Thursday, 12 February 2009

Rebel in the Soul

“MacBride refuses to stand behind him
McQuaid has got him in a vice
The country turns its back upon him
No choice left but to resign…”

Both people mentioned in the above verse will be a mystery to many, but those of a certain age will know the song deals with one of the most enigmatic men to ever grace Irish politics – Dr. Noel Browne.
No matter what ones views on him, it can hardly be argued but that he changed Ireland and for the better.
Sixty years ago the country was in the grip of Tuberculosis, also known as Consumption. Noel Browne set out to rid Ireland of the dreaded disease and, amazingly, he succeeded. Not single-handedly, of course, but he was the engine that drove a crusade.
As many who knew him would testify, he could be a difficult man at the best of times. Then again, his boyhood was beyond Dickensian.
His father died from the disease when Browne was seven. Homeless and near destitution, his mother took the family to England where she soon after expired. His account of kissing her damp forehead goodbye would wrench tears from a stone. His elder brother - crippled from birth by the curse - along with two of his sisters would die from it, while Browne himself suffered recurring attacks through much of his life.
Yet there is a fairy-tale element to this tale. Through sheer good fortune and his immigrant sister’s efforts he was enrolled gratis in St. Anthony’s, an exclusive Catholic prep school. He then won a scholarship to Beaumont, a Jesuit public school, where he met Neville Chance whose wealthy family more or less adopted him and paid his way through Trinity College where he resolved to become a doctor.
Although he would later specialize in psychiatry, he devoted his early medical years to eradicating Tuberculosis. He and his colleagues did Trojan work in various hospitals in the UK and Ireland, but he eventually realized that the magnitude of the problem called for a political solution.
He joined the nascent Clann na Poblachta party led by Sean MacBride (talk about a fascinating, controversial and multi-faceted character). In the general election of 1948, Dr. Browne was elected on a personal platform of eradicating TB. On his first day in Dail Eireann he was chosen as Minister for Health in the coalition government that had unseated Eamonn DeValera’s Fianna Fail party.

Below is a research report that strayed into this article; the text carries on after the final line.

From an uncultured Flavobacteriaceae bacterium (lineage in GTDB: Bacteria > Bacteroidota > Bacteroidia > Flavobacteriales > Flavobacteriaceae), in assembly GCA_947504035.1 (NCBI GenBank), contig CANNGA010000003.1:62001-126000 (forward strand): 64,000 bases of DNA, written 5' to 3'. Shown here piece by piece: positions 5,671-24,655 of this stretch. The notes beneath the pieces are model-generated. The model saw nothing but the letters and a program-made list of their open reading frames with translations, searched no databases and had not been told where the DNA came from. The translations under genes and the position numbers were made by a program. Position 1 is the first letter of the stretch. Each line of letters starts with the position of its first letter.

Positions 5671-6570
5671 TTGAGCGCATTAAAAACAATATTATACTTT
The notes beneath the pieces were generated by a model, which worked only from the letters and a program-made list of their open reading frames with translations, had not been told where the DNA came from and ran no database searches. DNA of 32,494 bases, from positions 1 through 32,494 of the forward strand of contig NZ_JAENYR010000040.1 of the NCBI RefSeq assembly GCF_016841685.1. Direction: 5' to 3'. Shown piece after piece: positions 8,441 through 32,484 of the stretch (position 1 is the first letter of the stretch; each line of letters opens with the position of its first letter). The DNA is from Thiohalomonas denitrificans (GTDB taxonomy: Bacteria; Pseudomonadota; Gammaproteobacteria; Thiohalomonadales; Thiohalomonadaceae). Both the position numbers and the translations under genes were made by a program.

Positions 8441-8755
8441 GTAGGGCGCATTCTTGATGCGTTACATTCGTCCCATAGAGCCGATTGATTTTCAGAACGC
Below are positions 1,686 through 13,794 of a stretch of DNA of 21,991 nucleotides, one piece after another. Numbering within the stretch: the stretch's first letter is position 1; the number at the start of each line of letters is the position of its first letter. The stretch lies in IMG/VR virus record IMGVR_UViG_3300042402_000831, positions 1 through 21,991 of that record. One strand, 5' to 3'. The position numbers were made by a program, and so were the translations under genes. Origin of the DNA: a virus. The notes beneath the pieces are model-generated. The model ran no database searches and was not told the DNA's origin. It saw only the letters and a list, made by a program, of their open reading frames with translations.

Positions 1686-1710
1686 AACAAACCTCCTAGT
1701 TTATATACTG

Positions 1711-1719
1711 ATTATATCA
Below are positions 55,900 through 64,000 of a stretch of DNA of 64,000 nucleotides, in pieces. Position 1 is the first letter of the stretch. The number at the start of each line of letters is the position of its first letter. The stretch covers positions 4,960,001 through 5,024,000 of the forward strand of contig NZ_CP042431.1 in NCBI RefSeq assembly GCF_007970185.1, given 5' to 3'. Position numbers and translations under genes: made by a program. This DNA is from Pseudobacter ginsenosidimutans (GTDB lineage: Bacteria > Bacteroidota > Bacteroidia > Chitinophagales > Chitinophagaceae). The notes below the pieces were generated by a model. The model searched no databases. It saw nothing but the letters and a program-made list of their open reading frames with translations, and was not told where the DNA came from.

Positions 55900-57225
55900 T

The new government was riven by ideological differences. Led by Fine Gael’s John A. Costello, it spanned the spectrum from right to left - while to add fat to the fire the Minister for External Affairs, MacBride, had once been chief of staff of the IRA.
Nonetheless, Browne hit the ground running. He recognized that the only way to halt and ultimately defeat the disease was to isolate those suffering from it. To that end, he converted hospitals and commissioned new facilities, sending all patients - regardless of means - to sanitoria whose very names can still evoke unease amongst those who remember them: Ardkeen, Cherry Orchard, Portiuncula.
He had a number of things on his side: much money from Joe McGrath’s Irish Hospitals Sweepstakes Fund, the recent discovery of the drug, Streptomycin, and the support of a broad swathe of people whose families had been oppressed by the disease.
Tuberculosis was not eradicated overnight but Browne and the many who combated it in the 1940’s and 50’s stopped it dead in its tracks, so much so that the dreaded “san,” as it was known, has slipped off into its own chapter in Irish history along with diphtheria and scarlet fever wards .
And what of Browne? We’ll need another column to deal with his complex story but here’s a clue for next week.

“Did you think you were the Saviour
When the sick blessed your name
You may have defeated your enemy
But you made new ones
And they had patience and they were waiting…”

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